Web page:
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The Learning Symposium: Schools Making a Difference Through Knowledge, Support and Action

February 2010

On February 17 and 18, 2010, EQAO hosted the Learning Symposium: School Teams Making a Difference Through Knowledge, Support and Action.

EQAO brought together school teams comprised of principals, vice-principals and teachers from across Ontario to participate in sessions addressed by educational leaders and experts in large-scale assessment.

The aim of this symposium was to build capacity for using EQAO data and to recognize that all members of a school team are instrumental in supporting student learning.

If you registered to view the live webcasts, please enter the e-mail address you provided. Otherwise, to access the videos, please register free of charge using the video links below.

Speakers and Live Webcast Schedule

February 17 and 18, 2010

All indicated times are Eastern Standard Time (EST).
EST is five hours behind Coordinated Universal Time (UTC).

Due to circumstances beyond our control the schedule of events has been revised. Please refer to the revised schedule below.

February 17, 2010

(Webcast links will be active at time of broadcast.)

Opening Address

Marguerite Jackson
CEO, Education Quality and Accountability Office

Live webcast: February 17, 2010 | Time: 8:45 a.m

Redefining Fair: Assessment, Grading and Reporting in Today's High Schools

Damian Cooper
Independent Education Consultant

The world is changing at breakneck speed. From the workplace and post-secondary institutions to technology and students themselves, the dizzying pace of change presents educators with significant challenges. As the mission of schooling evolves from sifting and sorting students into high, average, and low achievers to encouraging all students to strive for excellence, the strategies and processes associated with assessment, grading and reporting are being focused on like never before. The demand for greater accountability is ever-present, yet some teachers, parents, and the media believe that standards are being lowered rather than raised. In his keynote presentation, Damian Cooper will address the major changes facing high-school educators; he will examine what the new mission of secondary education really means; and he will ask participants to examine their current practices and consider new approaches to assessment and grading in light of this new mission.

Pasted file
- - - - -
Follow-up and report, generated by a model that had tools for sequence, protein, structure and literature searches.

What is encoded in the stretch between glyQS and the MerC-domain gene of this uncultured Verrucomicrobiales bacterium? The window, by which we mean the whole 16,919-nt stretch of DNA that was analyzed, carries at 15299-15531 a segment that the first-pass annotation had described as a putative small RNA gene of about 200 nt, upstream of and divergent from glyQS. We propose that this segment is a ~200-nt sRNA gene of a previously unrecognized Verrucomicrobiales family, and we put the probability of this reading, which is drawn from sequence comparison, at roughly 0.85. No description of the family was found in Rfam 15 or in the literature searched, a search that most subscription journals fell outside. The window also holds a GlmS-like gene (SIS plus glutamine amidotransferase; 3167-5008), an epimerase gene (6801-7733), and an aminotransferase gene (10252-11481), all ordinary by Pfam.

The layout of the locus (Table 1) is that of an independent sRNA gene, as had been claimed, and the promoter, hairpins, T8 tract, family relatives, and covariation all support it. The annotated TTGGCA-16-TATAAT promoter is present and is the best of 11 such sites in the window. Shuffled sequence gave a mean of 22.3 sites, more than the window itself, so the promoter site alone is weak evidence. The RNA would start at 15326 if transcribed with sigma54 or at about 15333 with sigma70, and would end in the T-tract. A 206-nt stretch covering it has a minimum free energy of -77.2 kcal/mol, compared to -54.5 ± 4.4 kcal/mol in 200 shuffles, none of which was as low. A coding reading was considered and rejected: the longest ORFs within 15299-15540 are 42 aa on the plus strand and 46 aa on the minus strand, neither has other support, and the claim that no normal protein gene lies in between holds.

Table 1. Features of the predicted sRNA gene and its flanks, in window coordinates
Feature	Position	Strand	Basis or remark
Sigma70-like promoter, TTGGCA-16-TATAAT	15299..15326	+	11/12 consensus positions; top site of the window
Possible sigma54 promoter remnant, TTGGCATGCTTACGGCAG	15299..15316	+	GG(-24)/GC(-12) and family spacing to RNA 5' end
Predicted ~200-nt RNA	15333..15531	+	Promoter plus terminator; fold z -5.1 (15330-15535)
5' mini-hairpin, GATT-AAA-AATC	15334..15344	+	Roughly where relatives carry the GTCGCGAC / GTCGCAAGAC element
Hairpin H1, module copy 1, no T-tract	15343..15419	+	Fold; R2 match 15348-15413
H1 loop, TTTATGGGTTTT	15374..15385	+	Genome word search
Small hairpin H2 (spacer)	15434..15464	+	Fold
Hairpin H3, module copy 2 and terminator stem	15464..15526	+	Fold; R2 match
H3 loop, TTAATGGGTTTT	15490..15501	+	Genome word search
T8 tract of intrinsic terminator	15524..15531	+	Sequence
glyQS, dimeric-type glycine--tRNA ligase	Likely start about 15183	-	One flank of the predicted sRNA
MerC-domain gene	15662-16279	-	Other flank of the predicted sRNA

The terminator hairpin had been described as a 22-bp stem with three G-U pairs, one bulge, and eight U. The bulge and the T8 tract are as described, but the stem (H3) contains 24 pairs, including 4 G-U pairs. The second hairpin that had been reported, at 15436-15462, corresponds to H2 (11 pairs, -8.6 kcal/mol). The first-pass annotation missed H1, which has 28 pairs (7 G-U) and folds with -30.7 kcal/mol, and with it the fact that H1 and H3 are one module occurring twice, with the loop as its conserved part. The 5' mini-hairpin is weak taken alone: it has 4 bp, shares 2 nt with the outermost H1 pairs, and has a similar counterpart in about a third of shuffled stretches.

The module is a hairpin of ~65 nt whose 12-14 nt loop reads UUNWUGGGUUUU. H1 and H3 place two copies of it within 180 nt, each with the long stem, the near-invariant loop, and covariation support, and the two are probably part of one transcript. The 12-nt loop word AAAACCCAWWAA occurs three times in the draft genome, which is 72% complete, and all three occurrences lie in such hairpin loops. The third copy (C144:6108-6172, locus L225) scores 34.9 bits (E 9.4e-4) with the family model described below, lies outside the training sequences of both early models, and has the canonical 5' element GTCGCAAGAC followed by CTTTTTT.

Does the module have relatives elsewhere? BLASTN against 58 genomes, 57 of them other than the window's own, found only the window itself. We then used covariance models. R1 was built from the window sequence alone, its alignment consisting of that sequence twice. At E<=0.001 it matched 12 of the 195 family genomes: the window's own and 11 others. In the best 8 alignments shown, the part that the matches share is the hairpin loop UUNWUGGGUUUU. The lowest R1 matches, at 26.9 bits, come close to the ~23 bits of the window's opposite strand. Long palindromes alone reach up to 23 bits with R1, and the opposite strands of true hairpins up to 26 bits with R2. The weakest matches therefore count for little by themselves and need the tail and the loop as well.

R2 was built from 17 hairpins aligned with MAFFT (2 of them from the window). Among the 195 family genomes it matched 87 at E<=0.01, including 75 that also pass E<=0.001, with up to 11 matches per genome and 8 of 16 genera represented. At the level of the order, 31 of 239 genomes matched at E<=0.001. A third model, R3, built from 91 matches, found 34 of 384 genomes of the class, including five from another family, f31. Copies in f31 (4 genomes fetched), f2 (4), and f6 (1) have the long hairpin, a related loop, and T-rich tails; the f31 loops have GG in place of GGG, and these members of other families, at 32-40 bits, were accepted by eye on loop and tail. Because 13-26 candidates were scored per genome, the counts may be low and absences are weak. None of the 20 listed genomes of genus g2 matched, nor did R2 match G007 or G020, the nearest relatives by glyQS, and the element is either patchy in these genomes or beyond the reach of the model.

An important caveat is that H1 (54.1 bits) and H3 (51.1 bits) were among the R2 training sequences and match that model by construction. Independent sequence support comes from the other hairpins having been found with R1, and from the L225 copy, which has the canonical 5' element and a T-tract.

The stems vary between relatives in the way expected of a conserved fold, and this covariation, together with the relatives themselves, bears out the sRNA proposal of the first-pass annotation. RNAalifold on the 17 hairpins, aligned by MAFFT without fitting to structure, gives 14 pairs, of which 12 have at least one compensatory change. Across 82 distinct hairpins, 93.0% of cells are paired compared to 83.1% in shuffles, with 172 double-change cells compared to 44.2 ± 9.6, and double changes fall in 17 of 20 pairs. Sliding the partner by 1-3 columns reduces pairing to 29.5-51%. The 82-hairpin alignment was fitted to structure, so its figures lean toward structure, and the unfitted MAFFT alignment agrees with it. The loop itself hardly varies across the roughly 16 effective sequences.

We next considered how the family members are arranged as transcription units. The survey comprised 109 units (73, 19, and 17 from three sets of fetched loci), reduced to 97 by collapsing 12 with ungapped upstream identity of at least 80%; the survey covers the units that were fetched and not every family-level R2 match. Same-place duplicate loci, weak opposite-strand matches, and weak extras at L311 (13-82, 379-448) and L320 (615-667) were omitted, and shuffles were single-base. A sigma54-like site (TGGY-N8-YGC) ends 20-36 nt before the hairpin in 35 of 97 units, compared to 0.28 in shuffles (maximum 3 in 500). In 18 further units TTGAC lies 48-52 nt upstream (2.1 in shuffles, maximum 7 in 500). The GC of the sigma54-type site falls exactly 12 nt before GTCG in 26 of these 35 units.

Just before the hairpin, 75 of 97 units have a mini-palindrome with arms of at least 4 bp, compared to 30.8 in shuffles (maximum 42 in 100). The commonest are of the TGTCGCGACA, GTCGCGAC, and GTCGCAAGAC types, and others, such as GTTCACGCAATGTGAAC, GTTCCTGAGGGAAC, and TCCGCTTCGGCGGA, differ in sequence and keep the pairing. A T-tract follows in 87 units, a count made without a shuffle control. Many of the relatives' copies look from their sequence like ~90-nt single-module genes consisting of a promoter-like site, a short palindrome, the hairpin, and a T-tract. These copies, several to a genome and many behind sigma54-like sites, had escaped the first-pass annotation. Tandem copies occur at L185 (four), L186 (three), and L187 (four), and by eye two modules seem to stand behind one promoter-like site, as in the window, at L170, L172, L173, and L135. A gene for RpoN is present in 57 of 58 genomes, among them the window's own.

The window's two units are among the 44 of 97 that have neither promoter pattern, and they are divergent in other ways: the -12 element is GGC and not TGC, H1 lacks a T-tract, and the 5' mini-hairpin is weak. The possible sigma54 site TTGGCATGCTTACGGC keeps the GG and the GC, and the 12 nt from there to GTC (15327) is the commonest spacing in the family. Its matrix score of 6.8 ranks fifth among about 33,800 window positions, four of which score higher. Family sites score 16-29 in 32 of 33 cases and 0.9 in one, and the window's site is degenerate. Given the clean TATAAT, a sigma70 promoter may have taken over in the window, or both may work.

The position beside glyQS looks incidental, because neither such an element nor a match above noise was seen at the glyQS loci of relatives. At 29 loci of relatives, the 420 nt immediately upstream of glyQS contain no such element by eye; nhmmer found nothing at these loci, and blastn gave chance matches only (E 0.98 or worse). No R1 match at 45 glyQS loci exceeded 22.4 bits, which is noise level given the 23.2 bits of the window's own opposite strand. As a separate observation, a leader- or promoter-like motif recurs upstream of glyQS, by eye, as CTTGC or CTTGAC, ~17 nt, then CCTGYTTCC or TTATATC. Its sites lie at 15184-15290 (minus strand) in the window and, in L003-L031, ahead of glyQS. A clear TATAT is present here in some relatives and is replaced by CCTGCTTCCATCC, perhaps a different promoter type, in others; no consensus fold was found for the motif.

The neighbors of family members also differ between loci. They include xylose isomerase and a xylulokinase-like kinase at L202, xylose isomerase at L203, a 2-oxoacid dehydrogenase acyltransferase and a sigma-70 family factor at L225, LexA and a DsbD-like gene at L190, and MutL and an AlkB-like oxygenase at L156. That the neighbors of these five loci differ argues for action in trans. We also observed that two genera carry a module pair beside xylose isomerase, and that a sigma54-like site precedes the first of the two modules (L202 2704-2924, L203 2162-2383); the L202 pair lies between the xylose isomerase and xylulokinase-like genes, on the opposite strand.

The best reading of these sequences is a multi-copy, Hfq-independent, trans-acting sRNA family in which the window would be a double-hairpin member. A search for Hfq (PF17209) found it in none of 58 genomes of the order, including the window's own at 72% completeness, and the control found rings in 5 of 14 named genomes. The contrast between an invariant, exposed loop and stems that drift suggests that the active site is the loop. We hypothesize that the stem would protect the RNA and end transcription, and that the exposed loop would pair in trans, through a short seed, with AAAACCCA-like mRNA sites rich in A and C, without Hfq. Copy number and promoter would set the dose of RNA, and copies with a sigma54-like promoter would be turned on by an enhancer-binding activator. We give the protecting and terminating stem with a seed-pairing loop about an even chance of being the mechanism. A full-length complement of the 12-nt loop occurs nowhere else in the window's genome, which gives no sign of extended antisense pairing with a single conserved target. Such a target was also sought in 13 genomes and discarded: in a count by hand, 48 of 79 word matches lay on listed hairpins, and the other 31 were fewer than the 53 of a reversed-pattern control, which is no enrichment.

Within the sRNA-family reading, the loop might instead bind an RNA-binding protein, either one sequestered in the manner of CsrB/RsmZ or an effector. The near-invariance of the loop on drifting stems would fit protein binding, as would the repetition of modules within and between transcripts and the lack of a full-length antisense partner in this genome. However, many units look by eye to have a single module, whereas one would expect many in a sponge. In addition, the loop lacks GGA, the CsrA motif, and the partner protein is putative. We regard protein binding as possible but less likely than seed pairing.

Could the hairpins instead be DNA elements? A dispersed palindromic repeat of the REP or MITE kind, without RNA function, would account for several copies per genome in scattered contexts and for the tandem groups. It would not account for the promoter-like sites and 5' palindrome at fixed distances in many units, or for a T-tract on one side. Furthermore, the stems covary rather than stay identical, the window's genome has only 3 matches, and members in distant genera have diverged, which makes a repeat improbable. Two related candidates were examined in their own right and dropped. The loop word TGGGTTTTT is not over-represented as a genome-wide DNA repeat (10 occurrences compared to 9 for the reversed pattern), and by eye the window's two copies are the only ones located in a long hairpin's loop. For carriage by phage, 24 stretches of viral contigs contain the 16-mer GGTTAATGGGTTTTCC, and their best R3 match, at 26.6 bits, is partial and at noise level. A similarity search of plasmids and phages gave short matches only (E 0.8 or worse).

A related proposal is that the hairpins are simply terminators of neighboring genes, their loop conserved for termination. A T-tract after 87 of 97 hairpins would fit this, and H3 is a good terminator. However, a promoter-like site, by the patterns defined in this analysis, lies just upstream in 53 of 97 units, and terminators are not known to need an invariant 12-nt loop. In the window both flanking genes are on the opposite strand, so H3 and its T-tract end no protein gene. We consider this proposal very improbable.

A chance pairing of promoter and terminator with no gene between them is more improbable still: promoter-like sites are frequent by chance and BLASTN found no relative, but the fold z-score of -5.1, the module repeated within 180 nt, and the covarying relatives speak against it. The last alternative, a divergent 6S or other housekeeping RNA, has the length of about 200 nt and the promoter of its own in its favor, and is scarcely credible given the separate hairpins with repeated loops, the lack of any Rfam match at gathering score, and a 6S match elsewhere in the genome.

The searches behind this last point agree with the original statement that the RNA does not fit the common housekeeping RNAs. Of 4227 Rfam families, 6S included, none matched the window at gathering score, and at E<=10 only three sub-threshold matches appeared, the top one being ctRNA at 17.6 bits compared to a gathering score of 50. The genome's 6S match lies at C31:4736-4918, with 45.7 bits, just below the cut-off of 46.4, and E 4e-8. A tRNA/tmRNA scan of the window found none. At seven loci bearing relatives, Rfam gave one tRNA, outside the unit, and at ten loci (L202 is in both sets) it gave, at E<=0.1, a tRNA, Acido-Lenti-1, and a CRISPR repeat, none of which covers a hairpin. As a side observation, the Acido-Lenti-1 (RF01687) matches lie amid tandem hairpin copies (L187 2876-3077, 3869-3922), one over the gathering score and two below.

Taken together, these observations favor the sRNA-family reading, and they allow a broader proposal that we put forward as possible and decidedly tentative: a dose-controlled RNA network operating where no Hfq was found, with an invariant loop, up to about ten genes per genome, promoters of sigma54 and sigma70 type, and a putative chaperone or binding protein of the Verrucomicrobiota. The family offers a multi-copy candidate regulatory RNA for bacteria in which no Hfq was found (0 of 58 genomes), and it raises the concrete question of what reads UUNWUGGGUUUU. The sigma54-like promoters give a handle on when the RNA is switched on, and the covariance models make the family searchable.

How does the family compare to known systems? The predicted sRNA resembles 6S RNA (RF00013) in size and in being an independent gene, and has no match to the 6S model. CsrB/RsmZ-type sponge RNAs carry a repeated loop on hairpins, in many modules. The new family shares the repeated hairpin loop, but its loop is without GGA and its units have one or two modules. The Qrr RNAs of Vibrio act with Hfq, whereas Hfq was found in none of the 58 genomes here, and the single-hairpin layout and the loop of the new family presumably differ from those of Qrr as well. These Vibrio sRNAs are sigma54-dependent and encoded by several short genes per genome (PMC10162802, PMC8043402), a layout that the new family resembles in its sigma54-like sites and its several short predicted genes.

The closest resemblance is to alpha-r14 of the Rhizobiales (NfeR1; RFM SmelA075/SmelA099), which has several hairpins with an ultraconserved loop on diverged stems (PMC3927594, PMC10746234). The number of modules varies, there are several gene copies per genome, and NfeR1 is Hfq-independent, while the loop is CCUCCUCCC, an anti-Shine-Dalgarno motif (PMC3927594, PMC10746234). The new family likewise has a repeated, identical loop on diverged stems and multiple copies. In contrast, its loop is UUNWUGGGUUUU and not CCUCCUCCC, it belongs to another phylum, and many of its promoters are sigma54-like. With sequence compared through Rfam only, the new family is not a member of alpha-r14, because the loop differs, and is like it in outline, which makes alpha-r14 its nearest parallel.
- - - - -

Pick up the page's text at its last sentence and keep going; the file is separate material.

Live webcast: February 17, 2010 | Time: 9:15 a.m.

Digital Literacy

Juliette Powell
Integrated Media Specialist

The best leaders and educators are the ones who exhibit not only influence and inspiration, but also empathy, attunement and a genuine desire to help others.

Recently we had the opportunity to observe the effectiveness of empowering Internet users and the potential to build relationships with dedicated individuals, online and offline, throughout the last presidential campaign in the United States. We saw the Internet’s positive, vast capacity for networking and the possibilities for spreading a message, as long as that message was considered meaningful, authentic and valuable.

In a rapidly changing digital world, measures of leadership are increasingly reliant on empathy and understanding. Powell demonstrates that you don’t have to be a political leader to use similar strategies. In detailing the most effective strategies used to run a winning online and viral political campaign, as well as those used by top business leaders, Powell pinpoints ways to apply them to your classrooms to help students.

Live webcast: February 17, 2010 | Time: 11:00 a.m.

Social, Institutional and Intellectual Engagement

Doug Willms